IT seems that everybody on the left of politics, except Rachel Reeves and the Labour Party leadership, wants a wealth tax right now. I hate to be contrarian, but I don’t.

I have read the articles in the National over the last few days by those who think that we need to tax wealth more and I agree, we should. What I do not agree with is the suggestion made by many people that we need a wealth tax to achieve this goal.

I make this observation based on experience. Unlike the vast majority of people who comment on tax from the left-of-centre perspective, I have been a chartered accountant and tax practitioner for more than 40 years. Over that period I have been involved in settling many contentious tax disputes with HM Revenue and Customs, including with regard to establishing asset values for the purposes of taxation. As a result, I know just how hard this is.

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Let me offer a couple of examples.

First, valuing a “normal” house is easy. Just look on Zoopla. Likewise valuing quoted shares is easy. Just look in the FT.

But valuing the “one-off” properties in which the wealthiest live is not down to looking at Zoopla. And valuing shares in private companies, which are never traded, can be very hard and is open to serious disagreement and dispute.

And whilst for many of us valuing our household effects is not hard – because it comes to not a lot overall, the wealthy have collections of the most ridiculous things that might be really hard to value.

What is more, the wealthy also have the money, the lawyers, and the accountants to question any valuation HM Revenue and Customs may propose for wealth tax purposes. In that case, the cost of collecting a wealth tax will be very, very high.

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That also needs to be put in context.

The TUC is suggesting a one-off wealth tax might raise £10 billion. Others suggest more could be raised, but overall, these are small sums in the grand scheme of a tax system that raises £800 billion a year.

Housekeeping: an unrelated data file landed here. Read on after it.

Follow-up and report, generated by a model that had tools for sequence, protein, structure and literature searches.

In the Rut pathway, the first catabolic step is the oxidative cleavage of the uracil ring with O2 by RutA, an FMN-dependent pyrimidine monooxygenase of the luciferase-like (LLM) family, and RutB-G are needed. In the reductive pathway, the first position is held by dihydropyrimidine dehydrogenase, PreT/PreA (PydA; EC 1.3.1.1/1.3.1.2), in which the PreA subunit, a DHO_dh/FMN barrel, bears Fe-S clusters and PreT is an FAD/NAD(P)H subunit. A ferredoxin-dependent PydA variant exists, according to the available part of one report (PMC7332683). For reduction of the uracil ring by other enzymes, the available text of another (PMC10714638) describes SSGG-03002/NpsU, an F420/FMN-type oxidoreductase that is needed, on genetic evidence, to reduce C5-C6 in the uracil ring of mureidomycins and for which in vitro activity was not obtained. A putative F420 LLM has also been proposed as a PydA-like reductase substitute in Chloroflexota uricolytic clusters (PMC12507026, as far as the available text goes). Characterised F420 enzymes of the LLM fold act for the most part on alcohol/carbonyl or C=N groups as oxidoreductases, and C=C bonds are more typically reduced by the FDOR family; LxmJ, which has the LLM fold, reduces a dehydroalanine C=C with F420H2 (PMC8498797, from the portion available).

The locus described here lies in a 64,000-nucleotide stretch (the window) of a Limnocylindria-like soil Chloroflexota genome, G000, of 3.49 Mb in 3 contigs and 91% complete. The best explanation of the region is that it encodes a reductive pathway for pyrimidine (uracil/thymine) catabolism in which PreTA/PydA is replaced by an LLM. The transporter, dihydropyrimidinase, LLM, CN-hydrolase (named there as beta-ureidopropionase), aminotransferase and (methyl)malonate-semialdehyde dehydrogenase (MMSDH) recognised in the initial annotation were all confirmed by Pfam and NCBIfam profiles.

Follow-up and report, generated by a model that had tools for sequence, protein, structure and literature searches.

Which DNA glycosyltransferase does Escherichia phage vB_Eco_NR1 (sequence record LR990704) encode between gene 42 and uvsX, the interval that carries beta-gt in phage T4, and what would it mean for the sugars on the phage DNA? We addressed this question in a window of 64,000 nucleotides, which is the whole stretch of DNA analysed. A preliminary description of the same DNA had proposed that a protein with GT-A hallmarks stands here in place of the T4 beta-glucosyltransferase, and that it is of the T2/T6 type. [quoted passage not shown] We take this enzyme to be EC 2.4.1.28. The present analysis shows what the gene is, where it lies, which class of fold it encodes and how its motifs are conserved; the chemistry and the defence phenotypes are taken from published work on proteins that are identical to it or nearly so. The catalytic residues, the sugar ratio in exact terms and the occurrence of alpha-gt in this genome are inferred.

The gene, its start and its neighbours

The fact is that the scale of the aggravation involved will never be justified by raising such small sums in revenue.

That is why I have during the course of this summer been working on a related but quite different project. What I have been looking at is how we could raise substantially more tax from those with high incomes and wealth by simply tweaking existing tax rules. It could be done in a way which guarantees that very much more tax could be raised with very many fewer problems arising in the process.

I have now identified more than thirty such tax changes and will be publishing them over the next three months or so. There will be several with regard to every major tax in the UK (income tax, national insurance, corporation tax, capital gains tax, inheritance tax, value-added tax, council tax).

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There will also be some significant recommendations made with regard to changing the administration of the tax system – because it is hopelessly inefficient at present.

I am doing this for good reason. My research shows that, in the UK between 2011 and 2020, those with significant wealth may have seen a tax rate on their combined income and wealth increase that is less than half the tax rate paid by those with the lowest income. There is most definitely a wealth problem that needs to be addressed.

It is my suggestion that making many changes to existing taxes is the way to address this issue – not least because I think this will raise considerably more money than a wealth tax.

For example, just one such change, which would be to eliminate the higher rate of tax relief provided on pension contributions to those who are 40% and 45% taxpayers in the UK, could by itself raise at least £12.5 billion of extra tax – plus a further £2 billion in National Insurance.

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That change – which would be simple to legislate, easy to administer, and completely fair (there can be no justification for subsidising the savings of the rich in our society by more than we subsidise the savings of everybody else) – could by itself bring in more than the wealth tax proposed by the TUC. Add in the other twenty nine proposals that I am going to make, and the difference in scale is staggering.

My point, then, is a simple one. We do need to tax wealth more. But we do not at present charge the income earned from wealth at anything like the rates charged on income from work. And we provide the wealthy with many opportunities to save tax that are unavailable to everybody else. As such, we should begin the process of reform by making sure that we tax the income from wealth and from high earnings to best effect.

Only when we have done that should we worry about a wealth tax.